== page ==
If you're considering renting to own a property, your initial proposal to the home owner will specify the terms under which you'd like to occupy and someday buy her house. When you're writing it, remember that your proposal probably isn't going to be the actual agreement that you end up signing. As such, it's a good negotiating strategy to write a proposal that is slanted a little bit in your favor so that you can negotiate an agreement that is good for both parties.
Research rents and purchase prices in your area. Real estate research web sites frequently have both information on recently sold properties and on rents in the area. You can also get help from real estate agents or from a professional appraiser.
Propose a purchase price for the property that falls at the low end of the reasonable range for the property. For instance, if similar properties have sold for $95,000, $125,000, $127,000 and $135,000, you'd probably specify a purchase price that is somewhere between $120,000 and $125,000. This might be a little bit low -- since the $95,000 sale is probably an outlier -- but you can justify it in a negotiation. While you're proposing the purchase price, specify that it be locked for the term of your lease option. That way, if the house goes up in value, you won't have to pay more and may walk into extra equity.
Set your rent at the low end of the range. For instance, if comparable properties are renting for $995 to $1095, you'd want to set your rent around $995. Add the amount that you want to have going to your purchase every month to the rent. For instance, if you want to pay $250 towards the purchase, specify a rent of $1,245 with $250 allocated towards the purchase price.
Delineate your option fee and security deposit. Your security deposit is like any other security deposit on a rental. The option fee is additional money that you pay up front that gets applied to the purchase price. The more you put down, the less it will cost to buy the house, but the more you will lose if you don't purchase the house. Option fees vary, but offering 1 or 2 percent of the home's option purchase price is probably a good start, knowing that you may end up paying more.
Specify who will be responsible for the house's expenses while you're under your lease option. The more that you can get the landlord to pay for, the better off you'll be. For instance, you may choose to have her pay the property taxes, insurance and major repairs while you cover landscaping and utilities.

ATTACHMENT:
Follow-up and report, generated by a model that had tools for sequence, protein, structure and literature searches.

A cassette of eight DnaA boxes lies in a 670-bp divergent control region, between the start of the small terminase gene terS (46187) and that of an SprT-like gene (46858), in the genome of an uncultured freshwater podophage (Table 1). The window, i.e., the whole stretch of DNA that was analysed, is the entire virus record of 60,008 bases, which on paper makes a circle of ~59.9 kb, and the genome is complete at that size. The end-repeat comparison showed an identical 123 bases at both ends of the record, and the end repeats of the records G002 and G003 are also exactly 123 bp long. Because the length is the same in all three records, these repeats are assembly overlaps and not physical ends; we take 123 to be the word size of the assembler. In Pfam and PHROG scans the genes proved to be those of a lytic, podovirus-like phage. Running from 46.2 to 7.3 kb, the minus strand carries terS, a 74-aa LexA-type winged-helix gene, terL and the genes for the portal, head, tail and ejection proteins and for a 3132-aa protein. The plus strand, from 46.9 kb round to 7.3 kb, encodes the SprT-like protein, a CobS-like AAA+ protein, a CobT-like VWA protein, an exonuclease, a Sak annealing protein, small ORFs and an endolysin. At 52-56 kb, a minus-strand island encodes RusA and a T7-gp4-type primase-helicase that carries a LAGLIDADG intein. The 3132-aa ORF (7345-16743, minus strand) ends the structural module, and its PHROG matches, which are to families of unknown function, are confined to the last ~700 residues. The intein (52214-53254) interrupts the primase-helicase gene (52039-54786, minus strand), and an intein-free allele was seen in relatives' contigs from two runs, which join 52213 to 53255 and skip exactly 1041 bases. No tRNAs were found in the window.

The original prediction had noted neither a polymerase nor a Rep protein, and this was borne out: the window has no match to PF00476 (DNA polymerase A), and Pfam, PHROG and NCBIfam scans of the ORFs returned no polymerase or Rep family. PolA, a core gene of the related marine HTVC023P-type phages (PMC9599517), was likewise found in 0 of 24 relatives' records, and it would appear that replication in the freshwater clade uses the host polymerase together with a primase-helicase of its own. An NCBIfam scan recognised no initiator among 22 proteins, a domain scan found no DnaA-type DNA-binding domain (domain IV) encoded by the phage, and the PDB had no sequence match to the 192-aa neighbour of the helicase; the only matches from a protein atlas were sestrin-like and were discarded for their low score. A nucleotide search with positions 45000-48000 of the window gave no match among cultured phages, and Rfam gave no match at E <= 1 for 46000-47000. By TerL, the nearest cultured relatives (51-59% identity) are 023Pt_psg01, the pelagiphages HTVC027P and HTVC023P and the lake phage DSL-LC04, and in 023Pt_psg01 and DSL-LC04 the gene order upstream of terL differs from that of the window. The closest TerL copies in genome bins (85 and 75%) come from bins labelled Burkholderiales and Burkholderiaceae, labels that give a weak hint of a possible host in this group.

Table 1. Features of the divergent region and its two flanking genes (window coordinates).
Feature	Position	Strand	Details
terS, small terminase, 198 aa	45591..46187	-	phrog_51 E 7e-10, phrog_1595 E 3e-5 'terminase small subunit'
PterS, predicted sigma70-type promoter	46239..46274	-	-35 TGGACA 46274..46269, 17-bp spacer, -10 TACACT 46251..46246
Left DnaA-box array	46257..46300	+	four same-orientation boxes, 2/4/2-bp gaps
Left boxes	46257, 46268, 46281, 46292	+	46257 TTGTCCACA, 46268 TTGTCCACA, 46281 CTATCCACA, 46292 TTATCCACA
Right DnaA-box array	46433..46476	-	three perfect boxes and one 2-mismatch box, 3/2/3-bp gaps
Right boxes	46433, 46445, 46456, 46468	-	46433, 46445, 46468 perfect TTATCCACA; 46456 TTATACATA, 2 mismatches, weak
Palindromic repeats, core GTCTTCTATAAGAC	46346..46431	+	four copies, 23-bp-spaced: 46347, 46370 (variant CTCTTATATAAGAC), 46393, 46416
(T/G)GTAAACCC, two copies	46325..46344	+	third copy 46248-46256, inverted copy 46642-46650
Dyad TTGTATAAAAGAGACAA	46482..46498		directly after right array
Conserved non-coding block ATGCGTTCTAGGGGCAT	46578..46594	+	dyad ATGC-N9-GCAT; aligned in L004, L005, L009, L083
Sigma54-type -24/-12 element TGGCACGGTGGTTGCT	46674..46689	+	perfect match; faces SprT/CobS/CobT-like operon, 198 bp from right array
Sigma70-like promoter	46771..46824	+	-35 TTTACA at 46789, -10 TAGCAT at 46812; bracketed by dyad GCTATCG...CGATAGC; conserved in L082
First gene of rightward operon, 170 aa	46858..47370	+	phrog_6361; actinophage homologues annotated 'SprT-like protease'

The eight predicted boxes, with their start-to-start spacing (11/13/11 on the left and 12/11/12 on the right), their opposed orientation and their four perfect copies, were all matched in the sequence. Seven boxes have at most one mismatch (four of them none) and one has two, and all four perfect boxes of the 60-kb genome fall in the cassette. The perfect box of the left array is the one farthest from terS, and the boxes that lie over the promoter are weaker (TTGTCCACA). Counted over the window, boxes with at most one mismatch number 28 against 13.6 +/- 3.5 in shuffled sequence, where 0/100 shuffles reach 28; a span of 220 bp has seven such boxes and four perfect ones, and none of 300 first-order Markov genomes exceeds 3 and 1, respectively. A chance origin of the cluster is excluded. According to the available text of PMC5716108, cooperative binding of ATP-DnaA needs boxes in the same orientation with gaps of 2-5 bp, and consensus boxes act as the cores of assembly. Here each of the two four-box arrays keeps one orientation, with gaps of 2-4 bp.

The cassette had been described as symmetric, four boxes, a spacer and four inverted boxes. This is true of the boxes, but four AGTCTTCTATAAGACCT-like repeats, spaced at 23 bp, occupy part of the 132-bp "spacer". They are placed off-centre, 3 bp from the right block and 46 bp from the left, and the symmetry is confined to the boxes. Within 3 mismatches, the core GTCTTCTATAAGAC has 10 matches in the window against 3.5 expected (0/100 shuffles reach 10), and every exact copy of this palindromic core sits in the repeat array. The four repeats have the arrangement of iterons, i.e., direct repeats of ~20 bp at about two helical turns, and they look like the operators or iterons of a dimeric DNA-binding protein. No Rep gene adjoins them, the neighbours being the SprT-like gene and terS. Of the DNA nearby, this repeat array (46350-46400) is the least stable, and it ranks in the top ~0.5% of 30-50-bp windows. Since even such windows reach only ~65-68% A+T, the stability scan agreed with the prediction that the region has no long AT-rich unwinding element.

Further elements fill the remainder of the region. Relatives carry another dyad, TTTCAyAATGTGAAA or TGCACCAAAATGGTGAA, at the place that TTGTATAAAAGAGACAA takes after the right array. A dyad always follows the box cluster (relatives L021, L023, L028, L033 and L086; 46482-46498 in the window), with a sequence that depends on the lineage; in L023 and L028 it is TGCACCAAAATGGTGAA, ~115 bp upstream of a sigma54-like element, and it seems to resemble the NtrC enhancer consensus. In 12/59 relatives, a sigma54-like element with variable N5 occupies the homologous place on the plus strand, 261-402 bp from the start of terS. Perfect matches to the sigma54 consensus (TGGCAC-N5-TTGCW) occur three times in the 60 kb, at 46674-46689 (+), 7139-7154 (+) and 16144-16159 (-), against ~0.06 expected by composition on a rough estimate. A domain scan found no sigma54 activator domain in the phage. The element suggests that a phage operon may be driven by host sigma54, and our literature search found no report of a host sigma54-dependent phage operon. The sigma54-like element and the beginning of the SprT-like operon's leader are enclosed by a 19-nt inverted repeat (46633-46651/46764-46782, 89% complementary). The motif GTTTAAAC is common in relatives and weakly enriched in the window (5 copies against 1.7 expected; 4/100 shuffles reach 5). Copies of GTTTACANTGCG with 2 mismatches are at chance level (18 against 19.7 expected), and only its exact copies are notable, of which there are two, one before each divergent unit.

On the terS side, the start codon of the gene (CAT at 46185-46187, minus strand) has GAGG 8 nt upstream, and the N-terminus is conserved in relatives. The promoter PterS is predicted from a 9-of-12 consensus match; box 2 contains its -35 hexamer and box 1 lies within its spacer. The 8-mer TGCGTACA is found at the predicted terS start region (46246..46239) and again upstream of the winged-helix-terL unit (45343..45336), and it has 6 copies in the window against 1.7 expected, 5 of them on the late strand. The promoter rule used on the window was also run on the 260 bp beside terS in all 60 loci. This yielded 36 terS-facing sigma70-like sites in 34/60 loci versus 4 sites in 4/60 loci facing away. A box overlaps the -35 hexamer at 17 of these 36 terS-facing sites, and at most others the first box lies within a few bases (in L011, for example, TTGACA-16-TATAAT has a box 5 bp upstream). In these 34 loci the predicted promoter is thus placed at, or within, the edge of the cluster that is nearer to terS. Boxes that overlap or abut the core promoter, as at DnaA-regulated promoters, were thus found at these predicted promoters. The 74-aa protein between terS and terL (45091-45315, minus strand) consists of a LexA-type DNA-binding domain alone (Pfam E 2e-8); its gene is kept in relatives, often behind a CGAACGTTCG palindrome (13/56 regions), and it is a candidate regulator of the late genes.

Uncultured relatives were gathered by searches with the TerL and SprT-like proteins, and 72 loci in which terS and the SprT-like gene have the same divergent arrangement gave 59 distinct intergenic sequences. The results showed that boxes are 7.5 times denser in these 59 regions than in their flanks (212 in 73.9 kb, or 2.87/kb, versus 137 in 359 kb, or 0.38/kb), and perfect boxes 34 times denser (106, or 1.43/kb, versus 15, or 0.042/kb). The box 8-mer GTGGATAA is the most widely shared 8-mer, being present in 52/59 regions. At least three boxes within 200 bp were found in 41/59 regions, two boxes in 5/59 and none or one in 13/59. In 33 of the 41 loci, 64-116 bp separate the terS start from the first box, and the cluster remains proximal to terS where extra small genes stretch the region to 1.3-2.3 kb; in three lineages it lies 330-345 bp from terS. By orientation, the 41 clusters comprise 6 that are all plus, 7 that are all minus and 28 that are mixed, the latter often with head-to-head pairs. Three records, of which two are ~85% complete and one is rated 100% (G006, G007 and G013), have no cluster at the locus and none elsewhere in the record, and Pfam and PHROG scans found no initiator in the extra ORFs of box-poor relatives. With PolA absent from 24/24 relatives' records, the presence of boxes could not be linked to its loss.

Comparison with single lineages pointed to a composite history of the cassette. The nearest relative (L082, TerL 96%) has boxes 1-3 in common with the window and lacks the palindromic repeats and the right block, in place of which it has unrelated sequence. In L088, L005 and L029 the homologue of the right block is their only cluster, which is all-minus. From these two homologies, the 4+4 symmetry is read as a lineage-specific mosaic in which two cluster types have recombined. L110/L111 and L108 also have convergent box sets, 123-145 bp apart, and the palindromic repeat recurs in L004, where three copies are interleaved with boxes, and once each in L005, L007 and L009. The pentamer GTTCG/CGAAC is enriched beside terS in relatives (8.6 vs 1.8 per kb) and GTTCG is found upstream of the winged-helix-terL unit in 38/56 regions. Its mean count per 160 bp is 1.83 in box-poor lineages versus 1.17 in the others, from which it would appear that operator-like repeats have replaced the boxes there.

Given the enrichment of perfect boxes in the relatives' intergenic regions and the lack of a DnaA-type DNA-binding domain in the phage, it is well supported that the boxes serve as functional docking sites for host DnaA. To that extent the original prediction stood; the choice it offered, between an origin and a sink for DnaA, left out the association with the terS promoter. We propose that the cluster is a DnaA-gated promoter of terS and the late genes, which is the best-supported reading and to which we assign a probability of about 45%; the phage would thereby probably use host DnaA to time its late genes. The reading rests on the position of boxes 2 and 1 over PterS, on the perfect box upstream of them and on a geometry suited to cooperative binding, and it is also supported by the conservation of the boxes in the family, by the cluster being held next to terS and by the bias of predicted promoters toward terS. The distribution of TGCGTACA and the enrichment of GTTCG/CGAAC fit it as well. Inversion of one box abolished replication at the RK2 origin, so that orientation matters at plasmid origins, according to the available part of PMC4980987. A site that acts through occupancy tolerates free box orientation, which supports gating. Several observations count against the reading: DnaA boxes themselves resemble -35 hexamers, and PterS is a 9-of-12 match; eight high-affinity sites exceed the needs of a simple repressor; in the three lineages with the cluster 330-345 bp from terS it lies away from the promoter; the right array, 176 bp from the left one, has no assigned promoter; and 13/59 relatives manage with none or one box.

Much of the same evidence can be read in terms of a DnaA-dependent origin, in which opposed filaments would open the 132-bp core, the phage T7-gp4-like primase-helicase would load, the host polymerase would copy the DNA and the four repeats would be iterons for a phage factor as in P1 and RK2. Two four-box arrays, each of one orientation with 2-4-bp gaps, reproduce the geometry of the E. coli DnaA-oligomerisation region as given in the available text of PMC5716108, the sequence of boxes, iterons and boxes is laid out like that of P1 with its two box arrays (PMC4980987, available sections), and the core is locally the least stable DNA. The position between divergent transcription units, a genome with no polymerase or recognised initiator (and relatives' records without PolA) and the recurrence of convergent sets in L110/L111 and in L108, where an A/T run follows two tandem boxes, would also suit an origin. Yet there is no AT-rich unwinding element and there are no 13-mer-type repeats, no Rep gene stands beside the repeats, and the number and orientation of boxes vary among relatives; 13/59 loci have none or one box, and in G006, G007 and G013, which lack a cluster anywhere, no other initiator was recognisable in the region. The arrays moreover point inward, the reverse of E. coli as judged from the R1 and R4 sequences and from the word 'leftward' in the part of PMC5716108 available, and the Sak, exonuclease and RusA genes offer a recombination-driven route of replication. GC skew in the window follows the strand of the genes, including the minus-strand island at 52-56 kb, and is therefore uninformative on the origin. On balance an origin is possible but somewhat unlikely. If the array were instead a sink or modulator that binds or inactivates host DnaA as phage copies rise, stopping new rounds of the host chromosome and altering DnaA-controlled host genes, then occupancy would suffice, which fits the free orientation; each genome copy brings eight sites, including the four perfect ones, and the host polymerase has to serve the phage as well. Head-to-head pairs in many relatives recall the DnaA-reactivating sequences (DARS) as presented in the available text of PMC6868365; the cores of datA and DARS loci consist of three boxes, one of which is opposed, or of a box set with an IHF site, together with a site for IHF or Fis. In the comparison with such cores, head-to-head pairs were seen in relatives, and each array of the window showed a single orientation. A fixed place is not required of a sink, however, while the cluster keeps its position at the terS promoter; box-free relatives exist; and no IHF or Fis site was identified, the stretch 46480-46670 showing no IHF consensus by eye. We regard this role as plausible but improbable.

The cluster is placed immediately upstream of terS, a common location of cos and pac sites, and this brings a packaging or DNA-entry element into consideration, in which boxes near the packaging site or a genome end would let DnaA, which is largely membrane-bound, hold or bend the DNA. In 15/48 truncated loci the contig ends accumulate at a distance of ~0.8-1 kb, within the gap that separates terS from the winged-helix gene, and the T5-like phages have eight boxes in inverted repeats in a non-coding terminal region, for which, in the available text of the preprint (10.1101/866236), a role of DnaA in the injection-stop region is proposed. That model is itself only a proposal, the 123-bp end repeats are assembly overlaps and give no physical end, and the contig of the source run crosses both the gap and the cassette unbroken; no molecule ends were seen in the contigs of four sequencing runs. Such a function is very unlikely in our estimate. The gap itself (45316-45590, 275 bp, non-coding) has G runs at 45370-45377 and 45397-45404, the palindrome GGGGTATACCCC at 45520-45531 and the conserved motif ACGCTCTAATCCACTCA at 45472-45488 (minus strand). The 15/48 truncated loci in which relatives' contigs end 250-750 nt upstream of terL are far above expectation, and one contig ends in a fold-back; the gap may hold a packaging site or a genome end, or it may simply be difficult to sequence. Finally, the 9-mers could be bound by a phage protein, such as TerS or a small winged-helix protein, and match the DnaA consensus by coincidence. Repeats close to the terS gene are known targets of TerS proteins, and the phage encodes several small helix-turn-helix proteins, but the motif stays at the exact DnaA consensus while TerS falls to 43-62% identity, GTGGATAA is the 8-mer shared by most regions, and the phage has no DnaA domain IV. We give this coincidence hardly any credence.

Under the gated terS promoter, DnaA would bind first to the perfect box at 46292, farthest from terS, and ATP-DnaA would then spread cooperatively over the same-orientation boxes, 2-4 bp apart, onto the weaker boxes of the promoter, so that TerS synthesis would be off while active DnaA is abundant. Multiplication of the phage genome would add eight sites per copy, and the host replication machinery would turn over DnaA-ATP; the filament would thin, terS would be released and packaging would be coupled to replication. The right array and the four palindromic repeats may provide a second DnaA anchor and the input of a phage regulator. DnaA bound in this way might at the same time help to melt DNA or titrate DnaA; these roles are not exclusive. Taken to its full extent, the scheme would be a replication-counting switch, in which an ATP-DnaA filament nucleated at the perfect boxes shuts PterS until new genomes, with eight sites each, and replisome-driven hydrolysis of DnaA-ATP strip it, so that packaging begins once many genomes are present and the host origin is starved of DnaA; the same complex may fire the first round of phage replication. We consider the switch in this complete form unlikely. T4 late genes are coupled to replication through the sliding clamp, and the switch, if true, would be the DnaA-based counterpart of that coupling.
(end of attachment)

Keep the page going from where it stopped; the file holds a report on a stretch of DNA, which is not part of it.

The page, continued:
Request a reasonable option length. Remember that you'll need to get a mortgage and potentially save for a down payment to buy the house out, so you may want to leave enough time to amass some money and, if necessary, clean up your credit. While lease option lengths vary, you can probably ask for five years.
Define how your interests will be protected. For instance, you may require that your option fee and extra monthly payments be put in a separate account to keep them safe. If the owner has a mortgage, you might also want to include language that lets you verify that the mortgage is being paid and that, if it isn't, you can send your rent to the lender to pay it.
Write in the right to sell your option prior to its expiration date. While you probably won't be able to get the owner to give your money back if you can't buy the house, writing in the right to sell it may let you recover some of your costs.
Specify how the final document will be written and how you can review it. Someone will need to come up with a legal document that covers your lease and your option. Unless your attorney writes it for you and it gets signed without changes, you'll wan to have an attorney review it before you sign it.
- The Mortgage Professor: Lease-to-Own House Purchases
- ForSaleByOwner.com: The Basics on Lease-Option (Rent to Own)
- Frascona, Joiner, Goodman and Greenstein, P.C.: Installment Land Contracts and Lease/Option Agreements - DON'T DO THESE! Use an All-Inclusive or "Wrap" Deed of Trust Instead
- Cheri Elliott: The Risks of Leasing a Home with an Option to Purchase
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